By Christi Baron
Forks Forum Editor
This year the Pioneer Logger Award nominees were all winners! It was a difficult decision, but two were chosen to be honored by the West End Business and Professional Association during Hickory Shirt-Heritage Days.
Pat Raben’s daughter-in-law Mary shared this wonderful nomination letter:
My vote for “Pioneer Logger 2017” is for my mother in law, Pat Raben. Not only did she have to travel back in the 60s back and forth from Monroe, Wa., with three kids in a station wagon, she had to run the household while Dale worked in the woods to get them ahead.
I think it was brave of both of them to take the risk of moving to the West End to try and better their lives. She had to work to raise the family alone for a while when Dale went to Forks to check out a new opportunity. Not only has Pat cheered on Dale through tree falling for years, she also supported Dale and Mark through the shake and shingle mills for decades.
Pat is proud and loves the history the Raben family has been raised on; the meaning of signage, “This family supported by the timber industry” is part of who she/they/we are! She has been part of the logging history through tough times and it’s heyday. This is why I believe Pat would make a perfect “Pioneer Logger 2017.”
Thanks for your consideration,
And WEBPA thought it was a great idea too.
Pat was born in Seattle and grew up in North Bend the daughter of a logger. After she graduated she went to work in Seattle at a Dime Store and then for Ma Bell as a switchboard operator. She was soon promoted to supervisor.
But after a chance meeting at the Swedish Dance Hall, where she met Dale, she was soon married and living in Cle Elum. After a time work was slow for Dale and he eventually got a phone call from Walt Tovey that there was work on the Peninsula. So Dale headed to Forks.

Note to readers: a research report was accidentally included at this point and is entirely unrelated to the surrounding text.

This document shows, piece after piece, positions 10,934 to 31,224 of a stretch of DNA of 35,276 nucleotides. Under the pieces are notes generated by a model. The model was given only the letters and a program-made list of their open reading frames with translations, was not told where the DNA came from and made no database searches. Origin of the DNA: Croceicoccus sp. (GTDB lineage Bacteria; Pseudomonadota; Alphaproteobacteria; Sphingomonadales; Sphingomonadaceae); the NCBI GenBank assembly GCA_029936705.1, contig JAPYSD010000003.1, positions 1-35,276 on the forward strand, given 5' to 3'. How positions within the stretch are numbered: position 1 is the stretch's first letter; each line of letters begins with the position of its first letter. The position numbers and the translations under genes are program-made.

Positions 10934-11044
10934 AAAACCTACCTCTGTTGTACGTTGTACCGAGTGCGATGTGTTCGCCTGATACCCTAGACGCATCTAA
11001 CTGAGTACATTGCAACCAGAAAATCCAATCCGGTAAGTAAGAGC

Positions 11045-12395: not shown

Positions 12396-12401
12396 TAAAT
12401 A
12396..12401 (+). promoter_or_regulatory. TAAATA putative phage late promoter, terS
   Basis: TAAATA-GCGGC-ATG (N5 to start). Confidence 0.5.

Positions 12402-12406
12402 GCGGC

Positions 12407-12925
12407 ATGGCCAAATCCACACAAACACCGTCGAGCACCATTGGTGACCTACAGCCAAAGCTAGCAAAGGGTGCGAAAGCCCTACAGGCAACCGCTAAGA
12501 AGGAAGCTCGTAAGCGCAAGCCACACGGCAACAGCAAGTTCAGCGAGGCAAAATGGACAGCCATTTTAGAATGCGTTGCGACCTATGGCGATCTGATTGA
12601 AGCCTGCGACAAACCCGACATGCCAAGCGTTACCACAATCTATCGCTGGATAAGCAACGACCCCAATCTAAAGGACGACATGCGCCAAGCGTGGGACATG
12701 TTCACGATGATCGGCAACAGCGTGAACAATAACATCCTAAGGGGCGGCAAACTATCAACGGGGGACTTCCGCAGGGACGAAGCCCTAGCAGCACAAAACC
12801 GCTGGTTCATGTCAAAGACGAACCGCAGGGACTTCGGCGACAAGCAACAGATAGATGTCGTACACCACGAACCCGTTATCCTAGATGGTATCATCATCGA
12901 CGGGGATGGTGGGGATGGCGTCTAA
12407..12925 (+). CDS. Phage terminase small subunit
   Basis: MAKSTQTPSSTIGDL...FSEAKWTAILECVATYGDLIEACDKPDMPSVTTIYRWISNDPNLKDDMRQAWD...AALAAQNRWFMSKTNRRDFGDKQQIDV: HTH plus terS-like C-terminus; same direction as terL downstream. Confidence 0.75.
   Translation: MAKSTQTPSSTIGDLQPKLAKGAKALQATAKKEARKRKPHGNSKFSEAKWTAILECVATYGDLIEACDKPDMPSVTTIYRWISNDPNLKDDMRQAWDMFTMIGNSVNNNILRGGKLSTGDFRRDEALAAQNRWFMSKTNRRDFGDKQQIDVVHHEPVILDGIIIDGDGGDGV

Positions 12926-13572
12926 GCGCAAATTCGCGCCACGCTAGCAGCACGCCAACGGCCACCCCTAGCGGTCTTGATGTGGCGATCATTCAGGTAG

The job panned out and the biggest obstacle of getting the family back under one roof was housing … there was no place for a family with three kids to live. They finally found a rental and not long after purchased property and built a home that they still live in on Ash Avenue.
“At that time the road (Ash Avenue) was a dead end and all the kids played in the street. The first kids my kids met were the Riebe girls, they all had such a great time playing together,” Pat said.
While the family got settled into life in Forks, Pat experienced a loggers wife’s worst fear: an accident in the woods. Dale was a timber faller, one of the most dangerous jobs there is, and was hit by a snag. He suffered a broken leg and ribs, and compressed vertebrae.
“I remember trying to find the kids to let them know, everyone knew Dale was injured and I didn’t want someone else telling them,” Pat said.
Thankfully Dale recovered, and eventually went into the shake and shingle mill business with his son Mark.
I asked if Pat was ever asked to come to the mill and pack shakes? She laughed and said no, that her job was raising her children. She added, “I took care of everything except cutting the trees.”
Pat and Dale both say they would never go back to the communities they grew up in. “We love Forks.”
As for being the wife of a logger Pat said, “It was a lot of fun being the wife of a logger; you never really knew what is going to happen next.”
In 2013, Dale Raben was selected to receive the Pioneer Logger Award, when asked what he thought about his wife now getting it he said, “She deserves a medal!” WEBPA won’t be giving her a medal, but she does get a gift and a certificate and a chance to be honored with a ride in the Forks Old Fashioned Fourth of July Parade if she wants to.
Dale and Pat Raben are the second husband and wife team to receive the Pioneer Logger Award. In 2001, Joel Dahlgren received the award and in 2009 the late Ingrid Dahlgren was honored posthumously.
Next week, an interview with the other recipient.